Rediscovering the Winter Solstice Alignment at Newgrange

by Robert Hensey

Newgrange was the first prehistoric site in Ireland to have its astronomical alignment widely accepted, and since its discovery in 1967 has remained the best-known astronomically oriented archaeological monument on this island. This chapter investigates the discovery of the winter solstice orientation at this key light-centred site. It proposes a possible new explanation for the astronomically oriented 'roof-box': that its origins can be found in a previously unidentified extension to the passage during a phase of enlargement.

Additionally, the chapter attempts to answer several fundamental questions. Is it conceivable that knowledge of the solstice was retained in the local community from the Late Neolithic? Could the solar orientation at Newgrange have been observed before its modern discovery through excavation, perhaps more than once? Finally, to what extent may pre-excavation reports of a winter solstice connection with Newgrange have influenced the reconstruction of the monument's 'roof-box' and outer passage?

Newgrange viewed from the river Boyne
Newgrange viewed from the banks of the River Boyne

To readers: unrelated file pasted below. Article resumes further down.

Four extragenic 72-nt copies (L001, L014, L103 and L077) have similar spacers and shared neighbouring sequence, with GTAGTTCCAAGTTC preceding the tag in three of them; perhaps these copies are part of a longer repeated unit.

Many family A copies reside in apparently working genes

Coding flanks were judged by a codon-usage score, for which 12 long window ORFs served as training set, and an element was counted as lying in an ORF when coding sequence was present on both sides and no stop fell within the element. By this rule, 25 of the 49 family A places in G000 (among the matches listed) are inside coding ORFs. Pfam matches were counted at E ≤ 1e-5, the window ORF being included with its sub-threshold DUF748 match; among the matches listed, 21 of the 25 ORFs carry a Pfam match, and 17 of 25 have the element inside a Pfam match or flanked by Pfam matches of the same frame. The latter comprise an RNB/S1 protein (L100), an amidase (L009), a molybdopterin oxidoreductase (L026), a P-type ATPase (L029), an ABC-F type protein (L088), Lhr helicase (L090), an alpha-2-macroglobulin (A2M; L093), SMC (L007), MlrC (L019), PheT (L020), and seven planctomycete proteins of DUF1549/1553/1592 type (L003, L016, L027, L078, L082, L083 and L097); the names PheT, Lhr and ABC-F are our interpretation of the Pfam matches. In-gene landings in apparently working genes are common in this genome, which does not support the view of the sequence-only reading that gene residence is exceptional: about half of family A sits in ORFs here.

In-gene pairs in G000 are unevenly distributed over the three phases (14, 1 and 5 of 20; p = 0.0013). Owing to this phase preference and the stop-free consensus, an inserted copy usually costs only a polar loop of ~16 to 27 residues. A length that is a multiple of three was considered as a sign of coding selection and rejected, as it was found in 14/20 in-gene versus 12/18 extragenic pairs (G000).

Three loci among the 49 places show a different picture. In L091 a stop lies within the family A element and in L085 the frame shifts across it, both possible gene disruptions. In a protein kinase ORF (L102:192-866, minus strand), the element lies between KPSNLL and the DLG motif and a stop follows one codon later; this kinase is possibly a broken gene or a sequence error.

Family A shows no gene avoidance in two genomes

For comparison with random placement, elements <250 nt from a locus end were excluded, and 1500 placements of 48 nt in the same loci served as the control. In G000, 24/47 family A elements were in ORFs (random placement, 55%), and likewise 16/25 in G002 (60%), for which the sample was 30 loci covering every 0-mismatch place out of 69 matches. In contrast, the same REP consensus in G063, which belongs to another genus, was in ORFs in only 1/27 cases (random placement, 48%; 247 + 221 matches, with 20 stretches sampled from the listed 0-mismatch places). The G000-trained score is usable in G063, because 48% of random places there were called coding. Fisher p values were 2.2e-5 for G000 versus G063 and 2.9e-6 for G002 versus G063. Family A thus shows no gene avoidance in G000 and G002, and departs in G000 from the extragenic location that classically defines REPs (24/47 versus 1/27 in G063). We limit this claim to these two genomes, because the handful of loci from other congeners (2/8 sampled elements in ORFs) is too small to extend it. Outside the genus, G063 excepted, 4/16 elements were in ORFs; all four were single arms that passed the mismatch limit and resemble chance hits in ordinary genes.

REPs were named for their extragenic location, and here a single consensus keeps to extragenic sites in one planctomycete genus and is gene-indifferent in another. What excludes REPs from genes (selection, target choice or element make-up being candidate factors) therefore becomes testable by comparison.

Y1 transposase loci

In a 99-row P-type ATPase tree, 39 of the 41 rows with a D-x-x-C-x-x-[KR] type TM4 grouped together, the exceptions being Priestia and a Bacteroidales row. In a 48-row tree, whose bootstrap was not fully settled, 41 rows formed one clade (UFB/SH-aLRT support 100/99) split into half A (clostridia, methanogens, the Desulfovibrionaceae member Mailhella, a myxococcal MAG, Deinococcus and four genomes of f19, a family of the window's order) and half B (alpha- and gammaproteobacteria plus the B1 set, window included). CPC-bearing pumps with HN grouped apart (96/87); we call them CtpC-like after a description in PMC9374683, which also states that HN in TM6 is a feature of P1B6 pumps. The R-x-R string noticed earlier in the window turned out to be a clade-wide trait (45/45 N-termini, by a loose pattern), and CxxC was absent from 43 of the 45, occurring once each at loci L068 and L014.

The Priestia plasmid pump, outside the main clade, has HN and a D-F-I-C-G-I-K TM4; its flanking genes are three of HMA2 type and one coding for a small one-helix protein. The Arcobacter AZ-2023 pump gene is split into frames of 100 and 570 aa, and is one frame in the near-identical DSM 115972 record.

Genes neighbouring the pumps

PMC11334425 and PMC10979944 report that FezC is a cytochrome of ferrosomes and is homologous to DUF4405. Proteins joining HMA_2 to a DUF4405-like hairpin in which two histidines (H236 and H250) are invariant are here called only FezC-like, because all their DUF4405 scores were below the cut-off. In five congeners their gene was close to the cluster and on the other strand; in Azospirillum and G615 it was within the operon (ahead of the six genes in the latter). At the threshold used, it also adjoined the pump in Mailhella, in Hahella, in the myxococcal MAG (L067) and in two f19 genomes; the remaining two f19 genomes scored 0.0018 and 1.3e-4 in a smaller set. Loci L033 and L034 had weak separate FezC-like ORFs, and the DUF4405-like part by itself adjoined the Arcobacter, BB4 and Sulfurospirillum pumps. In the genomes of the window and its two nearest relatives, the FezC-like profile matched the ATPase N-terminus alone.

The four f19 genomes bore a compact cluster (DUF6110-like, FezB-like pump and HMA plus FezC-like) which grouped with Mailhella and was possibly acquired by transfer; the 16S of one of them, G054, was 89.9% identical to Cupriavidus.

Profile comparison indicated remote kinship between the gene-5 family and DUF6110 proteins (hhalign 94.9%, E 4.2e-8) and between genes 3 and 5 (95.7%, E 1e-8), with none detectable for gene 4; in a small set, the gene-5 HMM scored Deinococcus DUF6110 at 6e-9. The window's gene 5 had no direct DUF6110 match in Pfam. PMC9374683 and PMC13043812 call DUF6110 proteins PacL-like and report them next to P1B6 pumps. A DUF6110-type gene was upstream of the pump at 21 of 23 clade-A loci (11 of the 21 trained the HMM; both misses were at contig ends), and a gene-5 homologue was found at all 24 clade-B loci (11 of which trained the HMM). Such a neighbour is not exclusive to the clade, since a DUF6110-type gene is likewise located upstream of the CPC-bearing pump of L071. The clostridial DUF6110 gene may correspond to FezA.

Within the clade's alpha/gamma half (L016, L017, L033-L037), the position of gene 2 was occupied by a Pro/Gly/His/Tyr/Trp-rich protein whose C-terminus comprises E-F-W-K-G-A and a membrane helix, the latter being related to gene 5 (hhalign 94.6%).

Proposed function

Newgrange, Co. Meath, located in Ireland's Ancient East, is an internationally important site for a variety of reasons: its scale and sophistication, its megalithic art, and not least its significant archaeological context. The monument forms part of the Boyne Valley passage tomb complex, which incorporates approximately 40 Neolithic passage tombs as well as numerous other prehistoric sites. It is referred to as Brú na Bóinne in ancient literature, usually translated as palace or mansion on the Boyne, and is associated with a substantial corpus of medieval mythology, featuring ancient deities such as the Dagda, Oengus, and Boann (the latter a personification of the Boyne River, which surrounds much of the complex).

Arguably, however, it was the discovery of its orientation to sunrise on the winter solstice in the late 1960s which propelled Newgrange to the notoriety it has today, and made it the most accepted and best-known astronomically oriented prehistoric monument in Ireland. This chapter is focused on the roof-box at Newgrange. It begins with a re-examination of the reasons for its construction in the Neolithic, proposing a new idea: that this unique structure was a response to a structural problem which arose during a phase of expansion at the monument. This is followed by a detailed discussion of Newgrange in myth and memory, concentrating on late nineteenth and early twentieth century investigations at the roof-box and early accounts of the monument's winter solstice orientation. Possible Iron Age entry into the monument is also discussed.

View PDF Rediscovering the Winter Solstice Alignment at Newgrange.

Robert Hensey is an Irish archaeologist and author of First Light: The Origins of Newgrange (2015) and co-editor of The Archaeology of Darkness (2016). His research is primarily focused on the monuments and societies of the northwest European Neolithic with particular reference to Irish passage tomb chronology, art and ritual.

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